In the last 20 years, despite a brief interlude from 2015-2020 under Corbynism, there has been depolarisation within British Politics. As the source states “the voter has little to choose between when looking to the major parties”. This depolarisation was entrenched by 13 years of New Labour where aspects of Neo-Liberalism, for example the importance of privatisation, were embraced by both parties. Evidence of this depolarisation can be seen though the make-up of the short-lived Change UK Party in 2019. This party saw members ‘cross the floor’ and join it from both the Conservatives (e.g. Sarah Wollaston), Labour (e.g. Chuka Umunna). Following its dissolution, most of these members then joined the Liberal Democrats. This cross-party amalgamation would have been unthinkable in the 1980s, for example. Arguably, the decreasing membership of political parties reflects this process, as people do not feel solely represented by any political party. Today, the biggest political party is Labour with 550,000 members whilst the Conservatives have 180,000. This can be compared with 2.8 million for the Conservatives in the early 1950s. Despite this, it is undoubtedly still the case in Britain’s adversarial system that “the major parties capture the main issues of the day and present choice”. Whilst policies on certain issues like COVID and Ukraine have seen cross-party support, this is still not the norm. The parties tend to take conflicting positions on major policy issues. They have to do this in order to create choice for the electorate through their manifesto promises. For example, in the 2019 General Election the three major parties took differing positions on the central issue of Brexit. The Conservatives promised to ‘Get Brexit Done’, Labour promised a renegotiation and second referendum, whilst the Liberal Democrats promised to simply scrap Brexit. Such differences are replicated across the range of policies that are campaigned on and help to maximise the power of voters by maximising choice. Ultimately, it is clear that despite depolarisation meaning the differences are not as ideologically stark as they once were, and general consensus existing on neo-liberal economics, the dominant parties still offer a choice to voters in an election and this clear choice, combined with FPTP, helps to accentuate their dominance.
Importantly, in recent years there have been a number of parties who have challenged the dominance of the major parties without necessarily being electorally successful. These parties have benefitted from people “questioning the establishment of Westminster”. The success of these parties can impact party policy of the major parties. The best example of this is UKIP, arguably the most significant political party of the last 15 years in Britain. Their clear popularity in winning 12.6% of the vote in 2015 (but only one seat) directly resulted in the Conservative decision to hold the EU Referendum in 2016. In addition, the popularity of the Green Party (both electorally and in membership) has made Labour embrace green policies faster than it may have otherwise done, including promising a £250 Billion Green Investment Fund. The impact of parties outside the mainstream has been accentuated by the mistrust that exists in the political class. Events within the last generation have led to people not trusting elected politicians, these include the Iraq War (2003), MPs Expenses Scandal (2009), Brexit Impasse (2016-2020) and, most recently, Partygate and Lobbying scandals. These events have made it more likely that voters will abandon the major parties. However, the source notes that “style over substance” is increasingly important in Politics. The major parties are at a distinct advantage in this battle because of their access to resources that the minor parties simply do not have. In the UK, party financing is regulated by the PPERA (2000). Although this has arguably increased the transparency of the party financing system, it has not stopped the major parties from a huge funding advantage, particularly at election time. For example, in the 2019 election the Conservatives were given £1 Million by a single individual, Peter Hargreaves. By comparison, the largest single Green Party contributor gave £100,000. In addition, Labour receives the financial backing of the major Trade Unions. Before the 2019 election the Unite Union alone gave Labour over £3 Million. This was significantly more than the total amount received by the Liberal Democrats and Greens combined. This significant financial advantage helps to consolidate the electoral advantage of the major parties and to win battles over style with targeted campaigning, particularly in the new battleground of social media. Ultimately, there have been minor parties that have challenged the status quo in British Politics in recent years and have had a significant impact. However, the structural advantages held by the major parties mean that they continue to remain dominant.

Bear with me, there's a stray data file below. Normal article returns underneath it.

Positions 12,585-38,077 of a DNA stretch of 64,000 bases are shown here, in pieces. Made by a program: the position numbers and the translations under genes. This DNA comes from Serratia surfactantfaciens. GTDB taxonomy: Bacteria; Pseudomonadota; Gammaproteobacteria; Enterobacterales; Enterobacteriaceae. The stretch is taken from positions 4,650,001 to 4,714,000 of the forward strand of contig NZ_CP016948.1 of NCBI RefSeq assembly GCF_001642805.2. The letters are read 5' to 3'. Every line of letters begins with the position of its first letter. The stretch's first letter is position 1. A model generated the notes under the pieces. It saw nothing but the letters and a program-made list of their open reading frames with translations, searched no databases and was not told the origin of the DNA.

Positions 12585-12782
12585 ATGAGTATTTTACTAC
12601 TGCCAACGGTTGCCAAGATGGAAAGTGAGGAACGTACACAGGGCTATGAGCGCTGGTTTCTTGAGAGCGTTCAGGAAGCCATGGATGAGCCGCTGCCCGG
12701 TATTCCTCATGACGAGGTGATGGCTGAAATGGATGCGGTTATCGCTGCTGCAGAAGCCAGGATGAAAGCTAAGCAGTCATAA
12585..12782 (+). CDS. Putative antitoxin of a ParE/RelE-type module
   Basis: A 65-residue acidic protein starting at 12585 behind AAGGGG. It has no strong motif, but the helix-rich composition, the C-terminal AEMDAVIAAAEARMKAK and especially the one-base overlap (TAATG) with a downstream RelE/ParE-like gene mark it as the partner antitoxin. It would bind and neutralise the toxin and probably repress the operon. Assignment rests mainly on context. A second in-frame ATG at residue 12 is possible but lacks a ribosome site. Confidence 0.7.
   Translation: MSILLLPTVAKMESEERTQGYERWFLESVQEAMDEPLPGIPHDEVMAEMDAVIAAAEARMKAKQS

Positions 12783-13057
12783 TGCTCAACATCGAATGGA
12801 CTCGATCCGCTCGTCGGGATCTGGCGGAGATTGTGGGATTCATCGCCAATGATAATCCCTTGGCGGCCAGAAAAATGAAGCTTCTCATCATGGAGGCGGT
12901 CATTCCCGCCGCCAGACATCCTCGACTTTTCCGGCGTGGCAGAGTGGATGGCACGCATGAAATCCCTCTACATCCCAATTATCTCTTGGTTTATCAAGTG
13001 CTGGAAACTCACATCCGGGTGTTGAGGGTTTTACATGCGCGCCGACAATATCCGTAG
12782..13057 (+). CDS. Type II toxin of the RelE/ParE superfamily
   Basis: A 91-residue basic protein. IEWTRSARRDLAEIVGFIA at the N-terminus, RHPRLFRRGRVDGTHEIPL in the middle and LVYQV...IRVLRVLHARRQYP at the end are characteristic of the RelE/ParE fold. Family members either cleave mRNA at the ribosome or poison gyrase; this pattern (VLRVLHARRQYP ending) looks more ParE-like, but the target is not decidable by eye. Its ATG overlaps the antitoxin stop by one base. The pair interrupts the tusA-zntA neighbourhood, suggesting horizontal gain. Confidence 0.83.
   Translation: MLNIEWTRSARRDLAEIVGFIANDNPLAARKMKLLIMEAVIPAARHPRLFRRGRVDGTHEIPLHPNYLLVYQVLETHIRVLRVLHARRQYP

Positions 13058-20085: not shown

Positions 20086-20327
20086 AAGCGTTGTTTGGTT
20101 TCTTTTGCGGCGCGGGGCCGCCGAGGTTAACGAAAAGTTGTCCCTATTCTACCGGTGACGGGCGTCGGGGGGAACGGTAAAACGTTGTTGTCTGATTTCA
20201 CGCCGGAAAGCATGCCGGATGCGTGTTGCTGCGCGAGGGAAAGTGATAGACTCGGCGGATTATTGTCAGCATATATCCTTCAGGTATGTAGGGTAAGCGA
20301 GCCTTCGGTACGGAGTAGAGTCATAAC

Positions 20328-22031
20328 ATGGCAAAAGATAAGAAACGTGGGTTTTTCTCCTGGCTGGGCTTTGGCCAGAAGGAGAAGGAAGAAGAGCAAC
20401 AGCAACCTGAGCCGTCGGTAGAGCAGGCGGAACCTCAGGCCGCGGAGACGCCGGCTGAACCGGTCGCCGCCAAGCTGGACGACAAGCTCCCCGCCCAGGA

In conclusion, it remains the case that the major parties are dominant in the UK political system. The main political parties remain dominant in Westminster and their self-interest dictates that this is unlikely to change. Whilst minor parties have impacted policy and have secured electoral success outside of Westminster, the power of the Westminster Parliament makes this less important than it otherwise might be. Therefore, whilst less dominant than they used to be, major parties still remain dominant to a considerable extent.
Why is this a Level 5 Response?
- The answer starts with a clear introduction which shows knowledge of the topic, sets out the themes to be considered and, most importantly, sets out a clear argument.
- All the points of analysis originate from the source. They are not over-quoted – they are concisely highlighted to show the examiner the candidate is using the source (as required by the question).
- There are three sets of paired arguments originating from the source. (It is important to note that many students will not have time to do three sets and Level 5 can be achieved doing only two).
- There is detailed own knowledge (from outside the source) to help to analyse the points in the source.
- Analysis is built upon this detailed knowledge, with a consistent focus on answering the question.
- Clear mini conclusions are used at the end of the section which consider what the view on the question is as regards the issue that has been discussed.